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Boniface Mwangi is a young man who lives in Kenya with his outspoken wife and three young children. His country was ruled first by British colonialists, who set the tribes against each other, and since independence has been controlled by wealthy and corrupt politicians. One of the presidents was tried by the UN's World Court at the Hague for crimes against humanity, but the case was dismissed for lack of witnesses. The people have come to expect to be given money for their votes in local and national elections.

This travesty of justice is a regular occurrence in Kenya as it is in other countries around the world where the rich and the powerful use political power to get what they want. Worried about the future of his children, Bonaface, who as a child was nicknamed "Softie," decides to run for office. "When you fight for your country, your kids benefit."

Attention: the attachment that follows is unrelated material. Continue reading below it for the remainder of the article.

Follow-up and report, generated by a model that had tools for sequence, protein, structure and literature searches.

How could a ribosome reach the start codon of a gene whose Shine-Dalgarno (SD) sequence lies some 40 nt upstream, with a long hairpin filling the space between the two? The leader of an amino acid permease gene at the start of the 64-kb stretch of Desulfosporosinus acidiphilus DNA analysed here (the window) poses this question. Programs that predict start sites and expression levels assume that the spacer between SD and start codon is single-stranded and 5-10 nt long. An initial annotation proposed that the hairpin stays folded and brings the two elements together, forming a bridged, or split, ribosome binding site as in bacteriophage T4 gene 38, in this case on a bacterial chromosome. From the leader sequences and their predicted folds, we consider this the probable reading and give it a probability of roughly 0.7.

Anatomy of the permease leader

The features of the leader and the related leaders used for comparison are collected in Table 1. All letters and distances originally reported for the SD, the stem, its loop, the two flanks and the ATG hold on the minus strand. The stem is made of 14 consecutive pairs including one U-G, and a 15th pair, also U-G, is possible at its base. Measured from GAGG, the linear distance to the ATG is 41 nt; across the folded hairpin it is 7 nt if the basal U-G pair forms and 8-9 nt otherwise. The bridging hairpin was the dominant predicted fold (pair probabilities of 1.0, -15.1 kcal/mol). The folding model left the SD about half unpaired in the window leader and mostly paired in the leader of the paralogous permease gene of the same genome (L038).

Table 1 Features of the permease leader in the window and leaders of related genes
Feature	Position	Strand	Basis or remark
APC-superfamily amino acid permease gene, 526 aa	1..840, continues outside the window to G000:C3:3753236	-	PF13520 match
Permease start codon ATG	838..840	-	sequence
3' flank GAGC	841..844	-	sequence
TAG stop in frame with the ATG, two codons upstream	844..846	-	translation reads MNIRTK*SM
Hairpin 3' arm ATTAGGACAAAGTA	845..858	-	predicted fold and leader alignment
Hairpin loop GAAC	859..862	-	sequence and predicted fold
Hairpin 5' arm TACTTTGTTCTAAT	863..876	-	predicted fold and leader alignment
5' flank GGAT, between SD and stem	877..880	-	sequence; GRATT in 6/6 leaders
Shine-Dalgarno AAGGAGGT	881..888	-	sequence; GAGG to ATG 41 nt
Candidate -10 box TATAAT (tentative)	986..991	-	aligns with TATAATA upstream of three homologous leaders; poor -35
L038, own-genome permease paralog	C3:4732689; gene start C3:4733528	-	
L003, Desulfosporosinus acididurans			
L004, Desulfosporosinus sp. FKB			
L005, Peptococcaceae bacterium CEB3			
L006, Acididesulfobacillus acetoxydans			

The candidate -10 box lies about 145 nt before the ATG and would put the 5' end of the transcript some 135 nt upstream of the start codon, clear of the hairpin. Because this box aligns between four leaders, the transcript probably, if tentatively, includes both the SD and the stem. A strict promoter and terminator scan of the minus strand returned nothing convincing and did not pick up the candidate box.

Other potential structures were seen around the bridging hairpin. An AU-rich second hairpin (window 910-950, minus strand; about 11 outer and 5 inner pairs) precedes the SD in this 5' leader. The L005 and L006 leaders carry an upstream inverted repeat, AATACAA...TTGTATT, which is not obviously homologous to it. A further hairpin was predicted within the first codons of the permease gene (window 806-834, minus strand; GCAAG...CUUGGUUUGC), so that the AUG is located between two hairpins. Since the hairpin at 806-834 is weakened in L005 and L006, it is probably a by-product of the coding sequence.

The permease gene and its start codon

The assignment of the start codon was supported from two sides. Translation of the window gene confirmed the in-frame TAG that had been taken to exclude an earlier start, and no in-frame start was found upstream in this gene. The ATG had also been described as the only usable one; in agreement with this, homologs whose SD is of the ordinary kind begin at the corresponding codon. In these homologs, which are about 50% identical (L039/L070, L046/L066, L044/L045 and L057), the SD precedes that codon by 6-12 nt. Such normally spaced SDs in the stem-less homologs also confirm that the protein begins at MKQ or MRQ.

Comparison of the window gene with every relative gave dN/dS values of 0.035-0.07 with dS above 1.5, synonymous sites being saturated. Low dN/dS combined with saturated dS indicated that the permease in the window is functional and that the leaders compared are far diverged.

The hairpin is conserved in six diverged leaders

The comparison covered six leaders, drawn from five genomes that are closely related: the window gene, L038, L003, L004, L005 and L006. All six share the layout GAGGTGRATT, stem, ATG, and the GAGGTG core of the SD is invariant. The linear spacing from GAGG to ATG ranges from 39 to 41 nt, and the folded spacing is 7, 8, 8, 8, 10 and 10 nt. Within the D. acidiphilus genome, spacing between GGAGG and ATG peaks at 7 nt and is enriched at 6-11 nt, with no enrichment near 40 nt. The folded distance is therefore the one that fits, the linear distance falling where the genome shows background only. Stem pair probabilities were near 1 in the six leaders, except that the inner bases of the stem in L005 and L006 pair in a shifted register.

Boniface Mwangi being assaulted by the police during a demonstration.

His first entry into activism is joining a protest against the government with slogans painted on pigs. The crowd scene turns to mayhem as the police batter men, women, and children. Having worked as a war photographer, Boniface documents the violence and puts some of his work on display on the streets.

Determined to fight for his country, he then decides to run for MP in his district. His feisty campaign manager gathers a group of loyal supporters to distribute flyers, stencil his face on walls, and make phone calls. But his wife Njeri becomes worried about her husband's safety given the present regime's violent treatment of those who oppose their policies. She takes their children to the United States for six months, only returning just before the election. In many discussions in Kenya and by phone, she challenges Boniface to put family over country, making this film a study of an evolving marriage as much as it is about a campaign.

Boniface and Njeri with two of their three children.

Sofie is directed and written by Sam Soko and it graphically depicts the dangers and difficulties of political activism in countries controlled by authoritarian leaders, who command a violent police force and rule a mostly passive citizenry.